In this interesting publication, Franklin analyzes responses to and buildings of Buddhism through well known novelists and poets, early students of faith, inventors of recent religions, social theorists and philosophers, and a bunch of social and non secular commentators. reading the paintings of figures starting from Rudyard Kipling and D. H. Lawrence to H. P. Blavatsky, Thomas Henry Huxley, and F. Max Müller, Franklin offers perception into cultural upheavals that proceed to reverberate into our personal time. these contain the violent intermixing of cultures led to through imperialism and colonial career, the trauma and self-reflection that take place while a Christian tradition comes face-to-face with one other faith, and the controversy among spiritualism and materialism. The Lotus and the Lion demonstrates that the nineteenth-century come upon with Buddhism subtly yet profoundly replaced Western civilization forever.

Show description

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This explains why there were an estimated 63,000 non-denominationally-affiliated worshipers in “isolated Congregations” in England in 1851(groups like the Church of Christ or the Brethren, as vividly portrayed in Edmond Gosse’s 1907 memoir Father and Son [Parsons, “Dissenters” 102]). Congregationalists and Baptists were so wary of hierarchical institutional control that they placed the first-order of authority over theology and practice with each congregation of individual worshipers. For such reasons, Max Weber in The Protestant Ethic and the Spirit of Capitalism (1905) forwarded a theory of the parallel historical development of Protestant individualism and the self-satisfying individual of laissez-faire capitalism.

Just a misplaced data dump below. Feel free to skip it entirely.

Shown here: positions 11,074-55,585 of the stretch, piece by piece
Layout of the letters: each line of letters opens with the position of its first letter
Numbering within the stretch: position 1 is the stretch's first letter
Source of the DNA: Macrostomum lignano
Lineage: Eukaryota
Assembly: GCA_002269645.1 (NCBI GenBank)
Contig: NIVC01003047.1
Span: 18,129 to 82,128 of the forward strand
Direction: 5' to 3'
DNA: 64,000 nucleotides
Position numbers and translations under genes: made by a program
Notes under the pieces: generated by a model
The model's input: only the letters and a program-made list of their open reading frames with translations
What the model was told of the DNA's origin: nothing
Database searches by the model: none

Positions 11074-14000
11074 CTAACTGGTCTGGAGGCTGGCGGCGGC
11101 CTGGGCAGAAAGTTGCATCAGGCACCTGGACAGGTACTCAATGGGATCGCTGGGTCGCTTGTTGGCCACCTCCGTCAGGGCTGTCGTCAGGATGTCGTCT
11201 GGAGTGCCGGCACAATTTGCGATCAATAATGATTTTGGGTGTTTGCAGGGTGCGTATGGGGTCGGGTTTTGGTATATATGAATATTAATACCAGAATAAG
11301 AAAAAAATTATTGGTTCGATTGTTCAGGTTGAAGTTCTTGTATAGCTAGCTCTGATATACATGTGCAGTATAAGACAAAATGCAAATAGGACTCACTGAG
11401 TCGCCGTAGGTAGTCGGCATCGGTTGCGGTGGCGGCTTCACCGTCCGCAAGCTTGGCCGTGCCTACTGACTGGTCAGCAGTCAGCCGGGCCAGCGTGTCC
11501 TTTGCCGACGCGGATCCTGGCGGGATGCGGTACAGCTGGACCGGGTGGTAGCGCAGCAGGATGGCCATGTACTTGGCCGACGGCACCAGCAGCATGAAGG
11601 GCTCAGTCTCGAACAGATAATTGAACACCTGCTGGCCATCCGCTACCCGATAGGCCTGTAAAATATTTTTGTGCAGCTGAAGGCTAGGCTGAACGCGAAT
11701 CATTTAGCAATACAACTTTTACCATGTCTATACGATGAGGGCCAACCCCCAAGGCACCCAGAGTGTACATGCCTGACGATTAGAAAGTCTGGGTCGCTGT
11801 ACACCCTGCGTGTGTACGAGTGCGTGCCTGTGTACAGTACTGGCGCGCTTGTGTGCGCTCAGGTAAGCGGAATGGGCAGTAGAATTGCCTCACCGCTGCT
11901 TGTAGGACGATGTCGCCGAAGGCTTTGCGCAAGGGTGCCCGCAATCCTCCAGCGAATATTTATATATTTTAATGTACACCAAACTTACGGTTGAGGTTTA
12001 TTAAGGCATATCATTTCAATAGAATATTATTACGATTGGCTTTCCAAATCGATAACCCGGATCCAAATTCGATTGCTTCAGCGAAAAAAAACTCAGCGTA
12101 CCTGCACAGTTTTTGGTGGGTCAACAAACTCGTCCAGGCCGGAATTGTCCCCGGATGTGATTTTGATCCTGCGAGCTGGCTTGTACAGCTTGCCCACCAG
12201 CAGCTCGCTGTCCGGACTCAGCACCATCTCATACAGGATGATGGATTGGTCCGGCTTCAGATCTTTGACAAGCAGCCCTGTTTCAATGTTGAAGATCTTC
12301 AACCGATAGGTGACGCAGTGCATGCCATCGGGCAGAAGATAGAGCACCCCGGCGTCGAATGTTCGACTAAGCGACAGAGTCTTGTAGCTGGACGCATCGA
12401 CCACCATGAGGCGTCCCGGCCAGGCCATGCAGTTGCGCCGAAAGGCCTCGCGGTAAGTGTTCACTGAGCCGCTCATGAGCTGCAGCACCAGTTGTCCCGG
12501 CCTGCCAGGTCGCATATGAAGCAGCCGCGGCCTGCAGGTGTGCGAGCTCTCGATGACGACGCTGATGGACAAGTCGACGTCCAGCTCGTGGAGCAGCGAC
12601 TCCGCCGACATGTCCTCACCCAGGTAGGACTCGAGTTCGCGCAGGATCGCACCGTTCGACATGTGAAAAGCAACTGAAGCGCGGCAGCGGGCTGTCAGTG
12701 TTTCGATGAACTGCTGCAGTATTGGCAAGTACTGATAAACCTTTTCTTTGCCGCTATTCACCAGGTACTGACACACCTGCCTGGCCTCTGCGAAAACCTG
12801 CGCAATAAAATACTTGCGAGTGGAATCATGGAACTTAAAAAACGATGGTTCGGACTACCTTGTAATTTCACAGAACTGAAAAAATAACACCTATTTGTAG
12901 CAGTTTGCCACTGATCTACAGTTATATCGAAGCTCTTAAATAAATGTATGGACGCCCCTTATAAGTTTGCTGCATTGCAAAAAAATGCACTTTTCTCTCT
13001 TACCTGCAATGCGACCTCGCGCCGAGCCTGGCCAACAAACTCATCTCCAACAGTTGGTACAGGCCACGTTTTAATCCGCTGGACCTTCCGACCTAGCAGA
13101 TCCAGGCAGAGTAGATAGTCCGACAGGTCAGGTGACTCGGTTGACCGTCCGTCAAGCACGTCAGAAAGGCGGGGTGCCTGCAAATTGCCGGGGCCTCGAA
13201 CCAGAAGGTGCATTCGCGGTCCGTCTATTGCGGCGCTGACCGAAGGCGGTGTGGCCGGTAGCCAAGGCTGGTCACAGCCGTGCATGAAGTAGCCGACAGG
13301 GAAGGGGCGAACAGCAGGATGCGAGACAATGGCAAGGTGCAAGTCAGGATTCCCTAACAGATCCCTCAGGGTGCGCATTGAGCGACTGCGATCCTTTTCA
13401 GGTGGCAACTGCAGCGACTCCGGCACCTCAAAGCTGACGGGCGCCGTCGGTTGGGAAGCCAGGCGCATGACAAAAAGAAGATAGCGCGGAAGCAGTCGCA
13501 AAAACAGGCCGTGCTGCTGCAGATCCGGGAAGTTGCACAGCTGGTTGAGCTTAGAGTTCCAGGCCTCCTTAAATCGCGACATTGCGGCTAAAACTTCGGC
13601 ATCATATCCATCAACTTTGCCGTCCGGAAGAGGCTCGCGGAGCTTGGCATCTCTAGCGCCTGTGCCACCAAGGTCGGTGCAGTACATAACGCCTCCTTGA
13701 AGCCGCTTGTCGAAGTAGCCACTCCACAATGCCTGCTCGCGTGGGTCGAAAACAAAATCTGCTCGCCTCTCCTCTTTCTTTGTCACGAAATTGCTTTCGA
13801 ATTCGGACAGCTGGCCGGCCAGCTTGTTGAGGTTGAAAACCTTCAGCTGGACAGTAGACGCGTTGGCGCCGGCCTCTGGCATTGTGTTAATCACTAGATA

114). Here, then, is a conflict that is reproduced throughout the poem: the Buddha’s compassion is good, but it is deluded. 115). Whose side is the narrator on? There seems to be a genuinely conflicted dialogical exchange here about the merits of resisting the “natural order” of violence, domination, and, yes, imperial conquest. 16 From its opening page, the poem reflects an uneasy consciousness about the violent relationship of West to East, which it expresses through the logic of paradox by inverting that relationship and making the Orient into the imperial invader: “I sing not of great heroes who have warr’d, / And reapt the harvest of the bitter sword: / And yet I mean to tell a wondrous tale / Of Asian conquest, .

113). After the monk explains the precept against taking any life, the narrator then turns directly to the reader, or the addressee of the poem, with this admonition: “Be not too lavish of thy scorn on these / Deluded heathen and their practices; / Nor slow to read herein the evidence—/ . . 114). Here, then, is a conflict that is reproduced throughout the poem: the Buddha’s compassion is good, but it is deluded. 115). Whose side is the narrator on? There seems to be a genuinely conflicted dialogical exchange here about the merits of resisting the “natural order” of violence, domination, and, yes, imperial conquest.